Peak Oil and Permaculture  

Posted by Big Gav

The latest "Arlington Note" (Volume 9, Number 10) has an article that touches an all sorts of topics I've been including here lately - peak oil, global warming and "2012: The return of Quetzalcoatl" to name but a few. The RU Sirius interview with Daniel Pinchbeck that I linked to recently talked about 2008 as being a turning point of sorts (based on some sort of Mayan numerology embedded in their pyramid design) with various bad things happening. John thinks this involves financial collapse (but doesn't link to any reasoning behind this, other than referring to a podcast I can't find).

From where I sit, here at this nexus of incoming streams of information from many sources about early indicators of potential future events, things are definitely heating up.

There seems to be an acceleration of the number of significant events that point toward big change in the near future. At TAI we watch many different trends, but the most significant ones are climate change and the possibility of a rapid shift in the world’s weather, the peaking of the global supply of oil and the attendant emergence of a new energy era, a major disruption in the world’s financial system, a global pandemic and, of course, the possibility that terrorism will escalate to a much higher level. There are other areas that interest us, like the dwindling supply of drinking water and technology trends, but the big ones get most of our attention.

The possibility of a major disruption in the world’s financial system sometime after January 2008 is a subject that doesn’t get nearly as much ink as oil and climate, but the effects – particularly if it is as widespread as some observers believe – could really be profound.

We recently had a world expert on the converging fundamentals that are driving toward large-scale financial failure give a seminal presentation on the subject at The Arlington Institute. Dr. David Martin, president of M-CAM, the global leader in intellectual property valuation, certainly got the attention of the international audience assembled here with his step-by-step assessment of what was in the works and what likely scenarios would fall out of the inevitable collision. We’ve made it a podcast that you can download from our website. I would strongly encourage you to listen to this most interesting talk. We’re planning to have more of these talks at The Arlington Institute. We’ll keep you informed of them in the future.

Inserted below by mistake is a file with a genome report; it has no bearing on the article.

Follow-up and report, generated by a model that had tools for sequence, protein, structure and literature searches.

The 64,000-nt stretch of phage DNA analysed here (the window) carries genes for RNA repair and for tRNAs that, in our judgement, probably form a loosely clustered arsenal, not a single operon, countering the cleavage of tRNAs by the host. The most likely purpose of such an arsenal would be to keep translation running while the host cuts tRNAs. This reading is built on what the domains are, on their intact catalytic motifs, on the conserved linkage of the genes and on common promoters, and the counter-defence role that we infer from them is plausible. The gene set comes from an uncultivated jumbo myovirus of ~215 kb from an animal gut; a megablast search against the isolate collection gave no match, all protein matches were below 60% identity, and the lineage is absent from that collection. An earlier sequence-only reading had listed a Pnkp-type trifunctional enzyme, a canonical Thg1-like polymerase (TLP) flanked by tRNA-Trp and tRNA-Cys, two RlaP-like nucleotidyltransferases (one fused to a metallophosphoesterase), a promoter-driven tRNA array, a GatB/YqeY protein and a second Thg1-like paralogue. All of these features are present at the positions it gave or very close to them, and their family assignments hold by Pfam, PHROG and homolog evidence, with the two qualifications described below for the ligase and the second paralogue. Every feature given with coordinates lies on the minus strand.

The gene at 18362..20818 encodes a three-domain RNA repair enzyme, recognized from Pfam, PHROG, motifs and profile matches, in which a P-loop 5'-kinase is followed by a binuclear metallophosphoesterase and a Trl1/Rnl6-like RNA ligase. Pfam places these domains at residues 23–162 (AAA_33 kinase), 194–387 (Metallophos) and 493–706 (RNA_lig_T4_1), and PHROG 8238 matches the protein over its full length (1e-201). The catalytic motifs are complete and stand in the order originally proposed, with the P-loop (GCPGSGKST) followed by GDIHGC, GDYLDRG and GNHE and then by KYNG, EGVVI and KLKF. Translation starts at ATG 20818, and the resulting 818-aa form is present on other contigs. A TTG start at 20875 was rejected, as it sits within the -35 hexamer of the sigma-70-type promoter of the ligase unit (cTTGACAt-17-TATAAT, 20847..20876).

All of the trends that we are following seem to me to be symptoms of some larger, historic shift that is taking place on the planet. I’ve talked about it in speeches as an approaching punctuation in the “equilibrium” of the present era – a major, fundamental reordering of the essence of who we are and how we live. These big shifts have happened many times in the past evolution of life on earth and if one tracks the historical pattern of these epochal events, it is rather easy to suggest, as philosopher Peter Russell and others do, that another one is fast approaching.

Many people attempt to explain the essential nature of this revolution in esoteric, new-age terms, almost all of which leave me unsatisfied. In the face of recommendations to “meditate more”, as the essential preparation one should make in anticipation of large-scale systems failure, I keep believing that there are additional things that we should be doing to support ourselves in the coming years. Others appear to be thinking the same way as evinced by the number of interesting new initiatives popping up that represent very basic social shifts. The Post Carbon Institute (www.postcarbon.org) has an interesting “relocalization” initiative designed to help deal with the systemic failures that they believe will inevitably result from reaching the peak in oil production. You can learn more at www.relocalize.net.

In terms of attempting to understand the really essential nature of what’s going on, the best book that I’ve found is Daniel Pinchbeck’s 2012: The Return of Quetzalcoatl. Be warned: this is a rich, deep, drug-enabled, intellectual exploration that quickly wanders out of the box of conventionality and smack into huge ideas that, if you buy them, will certainly change the way you live the rest of your life.